Friend, when you live your life based on any determination besides the will of God, you are inviting trouble. You’ll pay for that. It will cost you spiritually much more than you ever imagined. Jesus said, “Seek FIRST the kingdom of God and let everything else then fall into its place. It takes faith to do that. It takes a resolve and determination to be faithful to the word of God to be able to do that because the world, the flesh, and the devil will put you in all kinds of positions that will try your faith and test your ability to remain true to God’s word. Sometimes God Himself will put you in such a position to test whether your faith is what you think it is.
I want you to know today that being true and faithful to God is not easy. It is never convenient to be a Christian and to do the will of God. In fact, the course of least resistance will carry you away from God, not toward Him. Christians are often put in places and circumstances in life where we are called upon to make difficult decisions. And sometimes the right decision is not the decision that people of the world tell us we should make. For example, the world would say that we are foolish if we turn down a job offering good money and the prospect of promotion because such a job would interfere with our church life or such a job would demand that we make some compromises in our morals or our beliefs. I have time and again seen fathers and mothers who follow a job or a career path to some city or some environment that ended up being detrimental to their spiritual lives and to the spiritual wellbeing of their children. They put money, advancement, opportunity before the spiritual welfare of their family and they ended up paying a terrible price. Just what kind of price tag do you put on the souls of your children? How large of a salary are you willing to sell them to the devil for? Do you think about those things when you make decisions for you and your family? When you decide to take or turn down a job, do you think what will this move, or this lifestyle do to them spiritually? Or what will it do the local church that I’m already a member of? Does that cross your mind? Now, someone will say: “but desperate times call for desperate measures!” “A man has to feed his family, you know.” Or someone will say: “a man has to live!” but that’s not true. You don’t have to live. You DO have to die though and face God in judgment and so will your family and how will the decisions you are making impact where you and they stand in the Day of Judgment. That’s the question that ought to come first, you see. As I cited a moment ago, Jesus said in the Sermon on the Mount not to be like the Gentiles who fret and worry over material things but rather “Seek first the kingdom of God and His righteousness and THEN all of those other things will be added unto you.” (Matthew 6:33).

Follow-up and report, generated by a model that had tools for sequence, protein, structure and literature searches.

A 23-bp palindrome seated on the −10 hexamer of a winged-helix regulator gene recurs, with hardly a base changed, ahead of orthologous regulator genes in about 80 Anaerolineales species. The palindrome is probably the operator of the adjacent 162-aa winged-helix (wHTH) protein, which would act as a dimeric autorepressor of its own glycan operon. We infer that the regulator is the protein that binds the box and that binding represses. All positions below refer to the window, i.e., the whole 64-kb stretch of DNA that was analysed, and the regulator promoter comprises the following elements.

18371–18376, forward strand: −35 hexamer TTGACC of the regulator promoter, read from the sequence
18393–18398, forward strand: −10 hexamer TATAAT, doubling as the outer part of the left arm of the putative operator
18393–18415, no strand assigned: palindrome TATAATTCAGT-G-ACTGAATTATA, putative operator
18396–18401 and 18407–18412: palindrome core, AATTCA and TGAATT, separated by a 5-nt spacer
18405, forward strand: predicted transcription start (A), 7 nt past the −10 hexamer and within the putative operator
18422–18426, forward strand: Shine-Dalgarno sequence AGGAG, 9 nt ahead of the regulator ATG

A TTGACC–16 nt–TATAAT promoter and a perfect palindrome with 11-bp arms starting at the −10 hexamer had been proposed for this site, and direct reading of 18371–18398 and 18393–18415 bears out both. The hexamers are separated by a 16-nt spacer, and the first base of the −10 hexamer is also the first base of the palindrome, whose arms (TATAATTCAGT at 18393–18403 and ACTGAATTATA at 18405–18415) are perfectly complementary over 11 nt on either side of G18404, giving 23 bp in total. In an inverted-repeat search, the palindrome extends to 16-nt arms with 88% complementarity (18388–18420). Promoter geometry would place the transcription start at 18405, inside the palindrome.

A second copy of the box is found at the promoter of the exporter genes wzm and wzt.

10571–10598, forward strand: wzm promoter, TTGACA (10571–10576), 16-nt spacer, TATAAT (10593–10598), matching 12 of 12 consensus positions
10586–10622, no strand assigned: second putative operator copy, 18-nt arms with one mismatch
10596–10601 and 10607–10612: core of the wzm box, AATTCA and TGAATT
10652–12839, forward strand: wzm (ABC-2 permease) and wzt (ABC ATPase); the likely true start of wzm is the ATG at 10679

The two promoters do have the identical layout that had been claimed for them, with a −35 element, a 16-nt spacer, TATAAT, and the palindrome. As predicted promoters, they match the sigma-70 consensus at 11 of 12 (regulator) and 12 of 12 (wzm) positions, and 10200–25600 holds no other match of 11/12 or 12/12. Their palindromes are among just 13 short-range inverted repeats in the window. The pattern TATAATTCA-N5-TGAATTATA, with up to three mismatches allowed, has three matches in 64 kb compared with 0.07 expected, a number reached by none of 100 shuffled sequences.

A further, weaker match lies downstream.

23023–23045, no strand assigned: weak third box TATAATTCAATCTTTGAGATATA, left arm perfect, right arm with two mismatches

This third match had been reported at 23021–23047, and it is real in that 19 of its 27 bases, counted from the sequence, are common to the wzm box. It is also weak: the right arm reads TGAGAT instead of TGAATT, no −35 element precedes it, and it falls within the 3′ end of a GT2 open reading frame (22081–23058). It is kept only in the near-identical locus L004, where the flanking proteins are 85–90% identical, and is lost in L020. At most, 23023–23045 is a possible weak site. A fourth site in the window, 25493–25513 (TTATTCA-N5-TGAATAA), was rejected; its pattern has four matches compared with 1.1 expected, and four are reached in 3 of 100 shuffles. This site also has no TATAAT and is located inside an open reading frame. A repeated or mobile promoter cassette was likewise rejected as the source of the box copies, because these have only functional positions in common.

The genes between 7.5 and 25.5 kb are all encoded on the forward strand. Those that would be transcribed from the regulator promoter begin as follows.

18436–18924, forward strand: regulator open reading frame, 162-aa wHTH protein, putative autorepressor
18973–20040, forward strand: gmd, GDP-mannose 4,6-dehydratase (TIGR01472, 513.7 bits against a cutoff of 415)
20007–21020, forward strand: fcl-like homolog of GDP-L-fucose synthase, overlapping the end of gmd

Sometimes we are confronted by plagues and famines, so to speak, well, because plagues and famines just happen. We live in a fallen and corrupted world because of sin and as a result the world is filled with difficulty and obstacles to happiness and success. When Adam sinned, God said the ground would bring forth thorns and thistles and that man would have to work hard to make the ground fruitful and to be able to eat and survive.
Sometimes the famines come as a consequence of our own personal sin. That is, we make foolish decisions and live in such a way that we make life harder than it has to be. And then sometimes, somebody else’s sin puts us or our family in a hard place. The alcoholism of a father or the drug addiction of a mother or one of the children in a family makes it much harder for a family to survive.
And then sometimes, God sends the famine to discipline and chasten us. He allows the times of famine to test us and to mold us and to correct us. The writer of Hebrews said in Hebrews 12 that God chastens those whom He loves and that He allows suffering and difficulty to provide discipline in our lives and consequently, he warned them not allow a “root of bitterness” to be planted as a reaction to the Lord’s chastening. In other words, don’t let suffering and persecution drive you away from the Lord. You see, when those times come, they put our faith to the test. They challenge us as to whether we’ll be true to God or not. They force us to make decisions that reveal whether we’re as dedicated to God as we think we are or claim to be. Elimelech failed that test. He made a foolish and tragic decision based upon nothing more than feeding his family and doing what he thought he had to do to survive. But instead of surviving, he lost everything. Whatever faith he may have had, faltered when it became hard to live a godly life and be do the will of God.
Now, Elimelech’s faithlessness cause him to make a detrimental choice. And that will be the subject of our study next week. As we continue our series in the book of Ruth, we have not only looked at the TIMES THAT TRY US, but we’ll learn about the CHOICES THAT CONDEMN US. But then, I want you to see that there are DECISIONS THAT CAN DESTINE US. And there is also LOVE THAT LIFTS US and PROVIDENCE THAT PROVIDES FOR US. All these important and relevant themes are woven throughout this wonderful story that is the Book of Ruth and I hope you will join me for each and every study and that you’ll not only be challenged to make the right decisions in your life but that you’ll see the prophetic portrait of our Savior, the Lord Jesus in the pages of this famous story.